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My initial thoughts for my latest Consumer Trends consideration for just-drinks were to write about how drinks companies can make alcohol more fun, thereby breaking down barriers with consumers. Last week's report from the Intergovernmental Panel on Climate Change, however, made me feel that such frivolity would be somewhat remiss.

Last weeks report from the IPCC warned of catastrophic damage to the earth if we fail to limit global warming, going forward

Last week's report from the IPCC warned of catastrophic damage to the earth if we fail to limit global warming, going forward

Only those who are truly burying their heads in the sand would have missed the report that stated the planet has 12 years to drastically slow down its carbon emissions, in order to keep the rate of global warming below 1.5°C. The IPCC also warned that the majority of the responsibility in making these changes lies with government and business - yes, that means you - but that consumers can also make a big difference.

Included in the report was a list of positive changes that all citizens can make: eat less meat (one portion of red meat a week is recommended), walk more, use video-conferencing rather than flying for meetings and use public transport more often. Also, and, more pertinently for us, consumers should demand lower carbon creation from every product they consider buying.

My questions, then, are ones that the public will start to ask you very soon: What is it your business doing to minimise its impact on the environment? Is it all that you can possibly do? Or, have you been avoiding certain actions because they'd be more difficult, or costly?

By turning our backs on making our businesses as ecologically-friendly as possible, we risk shooting ourselves in the foot with consumers. Eventually, in certain low-lying markets, we may not have consumers to sell to.

This sounds dramatic, I know, but when I read terrifying reports such as this, then I can't help but start to imagine the collapse of society as we know it.

In the last seven days alone, I've switched to a locally-grown seasonal organic fruit and vegetable initiative. That grape addiction I had, where the fruit has been flown from Chile or Greece in plastic packaging? Immediately stopped. I've also dropped my usual shampoo and conditioner to packaging-free bars from a company opposed to animal testing, and am about to move my bank account s to one that supports clean energy rather than fossil fuels. 

I've also learnt how environmentally-damaging the fashion industry can be, with its chemical pollution and heavy water use, and have pledged to only buy second-hand or from ethical brands, going forward. The next step will see me cut red meat out of my diet completely.

Granted, I am but one single Millennial who has made most of these changes in the space of a week. But, I'm sure I'm not alone. Chances are there's a whole army of us, carrying out audits of the products we consume and cutting out those known to be bad for the environment.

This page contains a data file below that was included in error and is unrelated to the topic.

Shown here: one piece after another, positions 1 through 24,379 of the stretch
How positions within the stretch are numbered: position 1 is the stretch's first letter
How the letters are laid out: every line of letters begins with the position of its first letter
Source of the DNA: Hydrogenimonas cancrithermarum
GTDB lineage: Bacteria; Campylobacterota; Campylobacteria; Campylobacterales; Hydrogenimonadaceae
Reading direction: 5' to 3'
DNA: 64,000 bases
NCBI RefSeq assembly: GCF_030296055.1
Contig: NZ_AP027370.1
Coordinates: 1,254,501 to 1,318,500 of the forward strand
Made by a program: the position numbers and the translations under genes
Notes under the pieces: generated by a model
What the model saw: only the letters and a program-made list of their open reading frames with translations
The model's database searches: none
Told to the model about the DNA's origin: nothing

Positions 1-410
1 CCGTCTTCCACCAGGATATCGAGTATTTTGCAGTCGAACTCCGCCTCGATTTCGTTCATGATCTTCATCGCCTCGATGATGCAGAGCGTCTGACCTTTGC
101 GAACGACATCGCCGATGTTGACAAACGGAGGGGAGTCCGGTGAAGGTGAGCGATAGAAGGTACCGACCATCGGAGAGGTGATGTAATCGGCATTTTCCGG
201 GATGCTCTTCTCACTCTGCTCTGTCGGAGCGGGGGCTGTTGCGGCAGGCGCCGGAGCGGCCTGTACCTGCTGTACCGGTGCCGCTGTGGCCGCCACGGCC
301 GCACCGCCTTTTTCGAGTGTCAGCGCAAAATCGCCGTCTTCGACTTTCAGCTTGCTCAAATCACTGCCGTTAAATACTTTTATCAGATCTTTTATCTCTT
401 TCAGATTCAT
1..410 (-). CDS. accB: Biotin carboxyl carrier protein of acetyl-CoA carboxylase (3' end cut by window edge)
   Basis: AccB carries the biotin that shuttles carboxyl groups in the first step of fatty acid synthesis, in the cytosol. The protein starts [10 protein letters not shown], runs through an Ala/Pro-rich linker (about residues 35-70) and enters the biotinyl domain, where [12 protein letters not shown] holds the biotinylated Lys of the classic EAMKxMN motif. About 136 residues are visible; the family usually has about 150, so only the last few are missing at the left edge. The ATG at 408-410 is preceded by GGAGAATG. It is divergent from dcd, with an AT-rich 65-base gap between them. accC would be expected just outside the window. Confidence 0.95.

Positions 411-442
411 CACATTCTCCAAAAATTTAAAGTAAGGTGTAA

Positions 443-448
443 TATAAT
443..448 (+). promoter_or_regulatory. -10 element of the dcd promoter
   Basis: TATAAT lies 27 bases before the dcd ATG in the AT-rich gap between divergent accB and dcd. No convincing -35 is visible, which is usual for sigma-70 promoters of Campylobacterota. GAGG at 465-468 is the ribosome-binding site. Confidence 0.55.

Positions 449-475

The worry on my social media channels has been palpable this week; Gen X'ers and Millennials sharing stories of doom, or information about particularly polluting industries, and tips on what we can do. The fruit-and-veg scheme, new bank and hair products all came from recommendations by others. I've passed those tips on, and I'm sure the cascade will continue.

Here in the UK, businesses got a taste of consumer outrage when the television programme Blue Planet revealed the damage to our seas from plastic pollution. Many of these businesses have subsequently made changes, pledging to minimise their single-use plastic.

Imagine the consumer sentiment to follow, then, if businesses continue to avoid making changes regarding their carbon emissions until it's too late.

Don't wait for the pressure, make those changes now.

How much water does your business use? Are there ways of capturing any of the carbon it produces? How is your product transported? How heavy is the bottle it comes in? Does it really need that giftbox and leaflet? What's the carbon footprint of your global cocktail competition? Do you really need to fly all those people to another part of the planet for a trip?

There are already businesses making great strides in this field. Earlier this month, I attended a talk at the Bar Convent Berlin trade show - cue existential angst about my flights - with representatives from Absolut, Chase and Portobello Road Gin. It was inspiring to hear how Absolut produces 96% less CO2 emissions than other distilleries across the planet. Around 80% of the brand's transportation is run on clean fuel, with the other 20% mainly comprising farmers' tractors that are still powered by fossil fuels. The vodka brand also claims to work hard to protect its water source.

Chase, meanwhile, is a field-to-glass distillery, which automatically reduces carbon emissions and recently spent GBP1m (US$1.3m) - a substantial sum for a family-owned business - on a biomass boiler.

These practices should be the rule rather than the exception.

If you do these things, or start doing so, then shout it from the rooftops - there are plenty of consumers itching for a good-news story and keen to engage with brands making positive changes.

And, if you've worked out ways of producing, distributing, marketing and selling your brands more efficiently, then please make the information open-source, so that others can adopt it too.

In order to keep to the target of a 1.5°C rise above pre-industrial levels, the IPCC warns we need to make "rapid, far-reaching and unprecedented changes in all aspects of society". It's a big task, but we all have to play our part.

So, what are you going to do about it?


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